For this edited collection, we seek essays that investigate contemporary elegy within the black diaspora. We are especially interested in essays that discuss contemporary black writers’ responses to personal and public deaths, challenging some of the foundational components of the elegy, while still drawing on the form.
Edited Volume, Cinema Liberation Theology
I am looking for 7-10 additional 4,000-5,000 word chapters on cinema and liberation theology for an edited collection which a major academic publisher is interested in.
This collection focuses on liberation narratives which are in some way related to or inspired by religious traditions/literatures/practices/discourses from around the world. The films and analyses need not be explicitly religious in content, but need only to be argued in the context of liberation with theology, spirituality, or divinity.
Special Issue of Tulsa Studies in Women's Literature, edited by Emily Rutter and Laura Engel
This issue of JAST will be dedicated to the works and legacy of Amiri Baraka—poet, dramatist, essayist and activist. Formerly known as LeRoi Jones, Amiri Baraka entered the Greenwich Village literary scene in 1957 as one of the most original poets and editors of the new writing and poetry that was emerging outside of academia and the established publishing world. Baraka’s profound and pointed criticism took shape in the milieu of the racial brutality of the 1960s, and continued to transform as Black Power was put into practice. Amidst assassinations and urban rebellions, he retreated to his hometown, Newark, New Jersey, and committed himself to African American cultural expression in the broadest sense of the term.
What exactly is the content of a literary text, and how does it affect the experience of reading? How should critics approach a text's overt elements and ideas? A lengthy and currently influential tradition of thought has emphasized literary form in a variety of creative ways, but very little has been done to explain how critics should think about content. This panel will bring together six scholars, who will each briefly (in 8 to 10 minutes) offer a definition of literary content and an example from a particular text. Please submit an abstract for such a paper, along with a one-page CV, to pfessenbecker at gmail.com by March 15.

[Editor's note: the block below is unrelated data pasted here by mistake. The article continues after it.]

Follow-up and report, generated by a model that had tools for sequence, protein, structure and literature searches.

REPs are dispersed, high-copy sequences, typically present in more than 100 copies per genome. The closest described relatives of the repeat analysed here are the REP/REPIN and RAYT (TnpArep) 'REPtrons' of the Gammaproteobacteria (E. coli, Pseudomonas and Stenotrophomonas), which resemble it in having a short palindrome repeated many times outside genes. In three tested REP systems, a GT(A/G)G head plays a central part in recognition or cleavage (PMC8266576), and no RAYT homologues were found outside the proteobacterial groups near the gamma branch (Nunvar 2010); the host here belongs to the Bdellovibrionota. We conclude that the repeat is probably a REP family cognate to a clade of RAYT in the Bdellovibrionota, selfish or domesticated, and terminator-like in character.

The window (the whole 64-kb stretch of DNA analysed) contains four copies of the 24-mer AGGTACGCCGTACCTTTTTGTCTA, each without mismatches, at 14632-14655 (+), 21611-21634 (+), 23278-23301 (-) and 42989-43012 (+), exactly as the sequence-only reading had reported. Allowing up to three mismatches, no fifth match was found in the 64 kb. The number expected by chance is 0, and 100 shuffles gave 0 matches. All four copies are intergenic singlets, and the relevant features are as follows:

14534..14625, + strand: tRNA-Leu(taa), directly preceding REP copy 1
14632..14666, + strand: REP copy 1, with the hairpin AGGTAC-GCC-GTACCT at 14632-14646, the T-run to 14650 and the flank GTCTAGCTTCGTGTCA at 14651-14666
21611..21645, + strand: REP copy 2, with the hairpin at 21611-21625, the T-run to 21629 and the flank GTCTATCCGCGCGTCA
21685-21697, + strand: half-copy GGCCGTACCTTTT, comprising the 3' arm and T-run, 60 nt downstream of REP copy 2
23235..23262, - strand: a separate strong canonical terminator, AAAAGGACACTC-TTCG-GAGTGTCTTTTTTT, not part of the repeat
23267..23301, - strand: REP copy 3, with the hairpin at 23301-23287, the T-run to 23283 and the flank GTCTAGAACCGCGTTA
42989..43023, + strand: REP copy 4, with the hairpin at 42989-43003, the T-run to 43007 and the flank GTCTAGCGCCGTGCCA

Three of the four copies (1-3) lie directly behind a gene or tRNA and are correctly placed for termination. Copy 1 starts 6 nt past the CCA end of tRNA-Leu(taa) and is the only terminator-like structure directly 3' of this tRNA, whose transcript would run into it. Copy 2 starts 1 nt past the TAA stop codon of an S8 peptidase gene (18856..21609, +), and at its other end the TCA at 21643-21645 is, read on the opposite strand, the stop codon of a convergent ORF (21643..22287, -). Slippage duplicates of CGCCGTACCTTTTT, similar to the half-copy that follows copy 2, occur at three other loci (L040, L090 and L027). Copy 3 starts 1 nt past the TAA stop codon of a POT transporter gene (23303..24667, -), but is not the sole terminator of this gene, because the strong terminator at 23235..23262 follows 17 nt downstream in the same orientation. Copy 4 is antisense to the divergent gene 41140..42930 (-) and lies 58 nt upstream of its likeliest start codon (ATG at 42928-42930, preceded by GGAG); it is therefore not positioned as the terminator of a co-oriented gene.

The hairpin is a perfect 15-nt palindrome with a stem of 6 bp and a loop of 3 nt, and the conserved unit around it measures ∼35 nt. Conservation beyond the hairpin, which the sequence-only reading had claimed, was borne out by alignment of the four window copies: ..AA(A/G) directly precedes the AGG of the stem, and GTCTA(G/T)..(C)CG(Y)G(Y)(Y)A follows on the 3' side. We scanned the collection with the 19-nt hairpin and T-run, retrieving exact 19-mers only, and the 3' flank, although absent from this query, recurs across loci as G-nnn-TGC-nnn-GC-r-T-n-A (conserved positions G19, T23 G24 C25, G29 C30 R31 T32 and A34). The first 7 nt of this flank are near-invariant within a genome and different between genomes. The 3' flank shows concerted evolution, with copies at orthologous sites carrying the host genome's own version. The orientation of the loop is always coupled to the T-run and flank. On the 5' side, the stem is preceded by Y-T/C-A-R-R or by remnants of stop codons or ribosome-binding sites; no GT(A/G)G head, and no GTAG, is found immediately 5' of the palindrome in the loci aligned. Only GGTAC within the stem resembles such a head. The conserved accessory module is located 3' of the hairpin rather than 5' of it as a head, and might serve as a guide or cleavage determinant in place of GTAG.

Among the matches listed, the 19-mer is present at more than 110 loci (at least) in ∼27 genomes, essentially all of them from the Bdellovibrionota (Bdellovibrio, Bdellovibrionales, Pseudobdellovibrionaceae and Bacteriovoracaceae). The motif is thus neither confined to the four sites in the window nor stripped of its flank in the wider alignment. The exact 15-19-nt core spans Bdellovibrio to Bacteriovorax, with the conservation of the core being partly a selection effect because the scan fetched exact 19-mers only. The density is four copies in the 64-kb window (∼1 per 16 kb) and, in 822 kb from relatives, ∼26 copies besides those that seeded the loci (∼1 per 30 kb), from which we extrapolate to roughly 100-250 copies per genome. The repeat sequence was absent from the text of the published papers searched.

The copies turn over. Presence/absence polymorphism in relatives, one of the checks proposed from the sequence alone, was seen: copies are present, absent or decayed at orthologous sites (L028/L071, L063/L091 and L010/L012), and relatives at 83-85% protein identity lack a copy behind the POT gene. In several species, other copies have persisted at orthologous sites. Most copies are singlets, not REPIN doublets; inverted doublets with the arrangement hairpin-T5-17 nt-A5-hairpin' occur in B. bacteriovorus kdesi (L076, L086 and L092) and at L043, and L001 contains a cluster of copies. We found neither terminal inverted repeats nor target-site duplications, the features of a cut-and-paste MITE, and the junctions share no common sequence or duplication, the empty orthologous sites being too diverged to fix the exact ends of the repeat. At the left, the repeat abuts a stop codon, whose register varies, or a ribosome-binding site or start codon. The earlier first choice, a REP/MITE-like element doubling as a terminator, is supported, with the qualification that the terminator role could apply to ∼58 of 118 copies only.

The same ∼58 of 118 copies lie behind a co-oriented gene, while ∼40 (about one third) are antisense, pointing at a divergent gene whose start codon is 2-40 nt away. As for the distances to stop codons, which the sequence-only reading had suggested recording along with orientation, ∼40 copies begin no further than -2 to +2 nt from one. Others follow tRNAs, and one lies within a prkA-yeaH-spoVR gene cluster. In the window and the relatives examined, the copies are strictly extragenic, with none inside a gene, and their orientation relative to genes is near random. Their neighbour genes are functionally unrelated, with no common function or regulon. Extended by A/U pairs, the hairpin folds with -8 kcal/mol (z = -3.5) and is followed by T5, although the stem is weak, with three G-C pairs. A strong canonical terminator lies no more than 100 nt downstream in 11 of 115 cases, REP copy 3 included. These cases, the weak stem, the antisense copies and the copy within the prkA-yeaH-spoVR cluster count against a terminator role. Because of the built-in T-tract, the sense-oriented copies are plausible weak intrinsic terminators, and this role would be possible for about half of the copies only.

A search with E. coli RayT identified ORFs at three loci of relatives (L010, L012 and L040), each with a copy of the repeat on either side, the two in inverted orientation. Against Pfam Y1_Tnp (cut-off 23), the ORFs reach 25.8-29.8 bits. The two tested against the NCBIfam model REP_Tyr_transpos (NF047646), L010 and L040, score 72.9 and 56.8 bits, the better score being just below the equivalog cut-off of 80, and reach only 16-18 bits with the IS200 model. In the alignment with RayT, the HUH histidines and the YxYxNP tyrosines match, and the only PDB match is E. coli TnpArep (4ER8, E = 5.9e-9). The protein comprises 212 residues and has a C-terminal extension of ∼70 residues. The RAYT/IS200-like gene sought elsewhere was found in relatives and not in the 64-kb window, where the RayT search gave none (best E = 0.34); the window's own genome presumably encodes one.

Note: this is a non-guaranteed special session, and requires MLA approval.
This panel will discuss the place of humour and laughter in African literatures and literatures from the African diaspora. What are the various ways in which humour manifests itself, and to what end? Diverse methodological approaches are welcome. Please send a 250-word proposal and a short bio.
This CFP seeks work that examines the intersection of animal studies with contemporary ecopoetry from around the world. The human/nonhuman distinction entails an interdiction as much as establishes the safety of a boundary that maintains human hegemony in relation to other species. Yet, the animal can powerfully redirect attention toward the necessity of humility as well as deconstruct ideas of autonomy and superiority too often entangled with human self-understanding. This panel asks how the animal negates or reifies the human/nonhuman distinction, but also how the animal speaks, or is silenced, in contemporary ecopoetry. How does the animal appear as an ethical imperative in the age of the Anthropocene and of the Sixth Mass Extinction?
The Graphic City — Urban Studies After The Visual Turn
…From the rear platform of a fast ‘El’ train,
I watched the city’s undulating lights
And felt about my heart the antique pain
That man has always felt for beauty’s signs.
And often I was wildly moved to test
Myself against the city’s gleaming lines,
To feel their edges touch my bare brown breast!
—from “Song of New York” by Claude McKay (1926)
CFP for the 9th Annual Conference of the South East African Languages and Literatures Forum (SEALLF) from October 5th to October 6th, 2018, Department of English and Foreign Languages at Norfolk State University, Norfolk VA, USA: Celebrating Chinua Achebe & African Languages, Literatures, Arts and Cultures beyond the Continent: The 60th Anniversary of Things Fall Apart.
Deadline for submissions: May 29, 2018
Notification of acceptance date: June 30, 2018